When I told Jami that I was going to write about polenta she objected saying, "But that's not a recipe." I quipped back, responding that it was a principle, and that I would teach people correct principles, and let them govern themselves. The principle of polenta is actually a ratio, 1:4. That's 1 part polenta to 4 parts liquid. I can't say which liquid. The recipe that follows feeds us twice--fresh polenta the first day, polenta fried in olive oil on the second. You can double it, halve it, reduce it by a quarter, whatever you like, just as long as you follow the 1:4 ratio.
- 1 cup polenta (or regular old corn meal if you're desperate)
- 1 quart liquid (this can be chicken or vegetable stock, water, or water and milk)
- a pinch of salt, unless you have cheese
- 1 tbsp butter
- 1/4 cup or a mere handful of grated Parmigiano Reggiano, Pecorino Romano, or pecorino stagionato (when aged Italian cheeses are unavailable I add 1 1/2 cups of milk to the liquid instead)
- a medium sized saucepan or pot
- measuring cups
- a whisk or fork
- a large spoon
- a cheese grater
2. Pour the dry polenta into the boiling milk/water/stock in a steady stream, stirring constantly with the fork or whisk.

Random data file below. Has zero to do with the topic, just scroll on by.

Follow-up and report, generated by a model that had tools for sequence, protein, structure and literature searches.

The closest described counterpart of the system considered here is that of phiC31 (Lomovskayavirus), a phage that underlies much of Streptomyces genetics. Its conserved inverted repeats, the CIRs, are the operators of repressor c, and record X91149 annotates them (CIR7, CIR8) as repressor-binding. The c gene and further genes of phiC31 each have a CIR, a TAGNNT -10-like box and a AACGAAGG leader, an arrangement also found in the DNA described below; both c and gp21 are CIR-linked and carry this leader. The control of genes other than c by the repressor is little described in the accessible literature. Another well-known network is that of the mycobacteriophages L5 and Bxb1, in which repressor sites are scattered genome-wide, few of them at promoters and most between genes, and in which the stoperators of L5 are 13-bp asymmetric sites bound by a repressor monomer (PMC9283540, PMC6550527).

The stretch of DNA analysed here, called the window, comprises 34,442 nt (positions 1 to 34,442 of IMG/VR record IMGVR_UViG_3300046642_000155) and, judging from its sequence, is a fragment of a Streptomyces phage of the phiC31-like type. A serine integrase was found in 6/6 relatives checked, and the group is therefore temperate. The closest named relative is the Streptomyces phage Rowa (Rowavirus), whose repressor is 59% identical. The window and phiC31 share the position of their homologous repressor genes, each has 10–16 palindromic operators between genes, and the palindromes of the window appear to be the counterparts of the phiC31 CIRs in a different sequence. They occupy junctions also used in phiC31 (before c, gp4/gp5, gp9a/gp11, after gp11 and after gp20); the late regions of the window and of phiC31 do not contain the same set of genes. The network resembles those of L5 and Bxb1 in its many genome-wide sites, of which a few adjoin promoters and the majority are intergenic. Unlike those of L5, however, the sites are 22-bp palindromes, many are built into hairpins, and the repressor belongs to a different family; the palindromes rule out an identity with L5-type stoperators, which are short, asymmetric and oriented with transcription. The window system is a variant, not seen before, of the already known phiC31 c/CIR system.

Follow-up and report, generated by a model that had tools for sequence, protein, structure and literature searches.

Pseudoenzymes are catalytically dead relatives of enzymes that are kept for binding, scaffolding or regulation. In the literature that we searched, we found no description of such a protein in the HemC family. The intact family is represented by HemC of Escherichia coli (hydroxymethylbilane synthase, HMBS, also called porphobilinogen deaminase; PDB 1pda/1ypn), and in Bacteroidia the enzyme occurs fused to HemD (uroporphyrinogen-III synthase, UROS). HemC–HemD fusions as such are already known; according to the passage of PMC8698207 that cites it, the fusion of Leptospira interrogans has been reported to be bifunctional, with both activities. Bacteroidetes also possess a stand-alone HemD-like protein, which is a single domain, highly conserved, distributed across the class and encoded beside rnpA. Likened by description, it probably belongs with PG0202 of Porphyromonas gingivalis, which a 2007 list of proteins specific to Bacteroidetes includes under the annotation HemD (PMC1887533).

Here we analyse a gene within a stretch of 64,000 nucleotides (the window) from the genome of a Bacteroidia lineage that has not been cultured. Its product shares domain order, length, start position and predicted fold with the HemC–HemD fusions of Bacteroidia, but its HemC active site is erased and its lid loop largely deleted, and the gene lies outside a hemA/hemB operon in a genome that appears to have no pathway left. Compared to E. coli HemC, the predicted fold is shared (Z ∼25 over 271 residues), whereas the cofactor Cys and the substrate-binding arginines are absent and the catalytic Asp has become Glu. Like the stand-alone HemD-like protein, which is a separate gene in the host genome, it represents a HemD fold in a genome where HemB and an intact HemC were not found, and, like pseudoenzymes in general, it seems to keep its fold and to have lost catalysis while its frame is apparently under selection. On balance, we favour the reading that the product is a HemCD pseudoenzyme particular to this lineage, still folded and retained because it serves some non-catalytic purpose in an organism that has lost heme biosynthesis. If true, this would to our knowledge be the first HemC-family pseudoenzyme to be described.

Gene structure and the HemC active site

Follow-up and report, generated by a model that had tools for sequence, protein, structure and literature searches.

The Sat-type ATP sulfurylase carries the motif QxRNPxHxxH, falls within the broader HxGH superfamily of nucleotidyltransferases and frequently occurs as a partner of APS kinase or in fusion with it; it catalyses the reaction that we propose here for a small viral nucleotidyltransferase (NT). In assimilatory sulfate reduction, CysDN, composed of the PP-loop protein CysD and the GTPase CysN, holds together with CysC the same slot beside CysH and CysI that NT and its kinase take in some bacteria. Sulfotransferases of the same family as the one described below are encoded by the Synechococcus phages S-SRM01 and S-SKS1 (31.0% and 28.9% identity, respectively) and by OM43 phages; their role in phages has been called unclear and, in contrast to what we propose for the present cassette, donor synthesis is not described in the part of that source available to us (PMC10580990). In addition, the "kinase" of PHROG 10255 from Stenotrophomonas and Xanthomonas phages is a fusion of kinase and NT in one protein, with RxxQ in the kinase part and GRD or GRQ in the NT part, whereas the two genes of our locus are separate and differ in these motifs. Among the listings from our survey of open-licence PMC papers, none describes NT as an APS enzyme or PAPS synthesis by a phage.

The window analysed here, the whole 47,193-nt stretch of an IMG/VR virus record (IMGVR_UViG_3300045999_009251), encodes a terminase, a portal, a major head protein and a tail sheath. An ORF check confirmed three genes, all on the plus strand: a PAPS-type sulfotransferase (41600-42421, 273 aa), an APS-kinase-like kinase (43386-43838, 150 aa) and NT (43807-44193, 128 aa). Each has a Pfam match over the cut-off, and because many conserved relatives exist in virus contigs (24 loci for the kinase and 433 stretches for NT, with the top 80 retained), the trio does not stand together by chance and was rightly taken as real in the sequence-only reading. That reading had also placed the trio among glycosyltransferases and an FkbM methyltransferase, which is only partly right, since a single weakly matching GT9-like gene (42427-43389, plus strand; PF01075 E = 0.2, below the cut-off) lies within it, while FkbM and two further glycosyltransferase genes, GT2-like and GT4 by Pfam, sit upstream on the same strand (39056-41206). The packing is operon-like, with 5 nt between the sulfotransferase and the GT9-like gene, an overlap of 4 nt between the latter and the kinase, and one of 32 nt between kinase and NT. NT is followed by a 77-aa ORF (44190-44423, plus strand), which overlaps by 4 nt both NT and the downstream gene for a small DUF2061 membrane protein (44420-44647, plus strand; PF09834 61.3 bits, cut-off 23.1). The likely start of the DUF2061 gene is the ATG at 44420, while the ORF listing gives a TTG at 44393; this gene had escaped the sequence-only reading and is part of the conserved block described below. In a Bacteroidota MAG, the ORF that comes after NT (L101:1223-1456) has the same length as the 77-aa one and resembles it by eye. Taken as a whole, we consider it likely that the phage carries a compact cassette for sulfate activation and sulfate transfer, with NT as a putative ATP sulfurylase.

3. Trade out the whisk for the spoon and reduce the heat. The polenta is done once it begins to pull from the sides, or when the spoon can stand up in it. This should take seven minutes or less, unless you somehow managed to get traditional polenta, in which case, see you tomorrow.
4. Turn off the heat and stir in the cheese.
Options: You can eat your polenta hot off the stove if you like. Leftovers can be sliced up and fried in olive oil until golden, or grilled. Polenta goes well with meats and mushrooms, anything with savory brown juices for it to soak up. I especially like it with lentils. By the way, for those of you not in the know, the title of this post is a Mormon joke about polygamy.
Siete maledetti polentoni.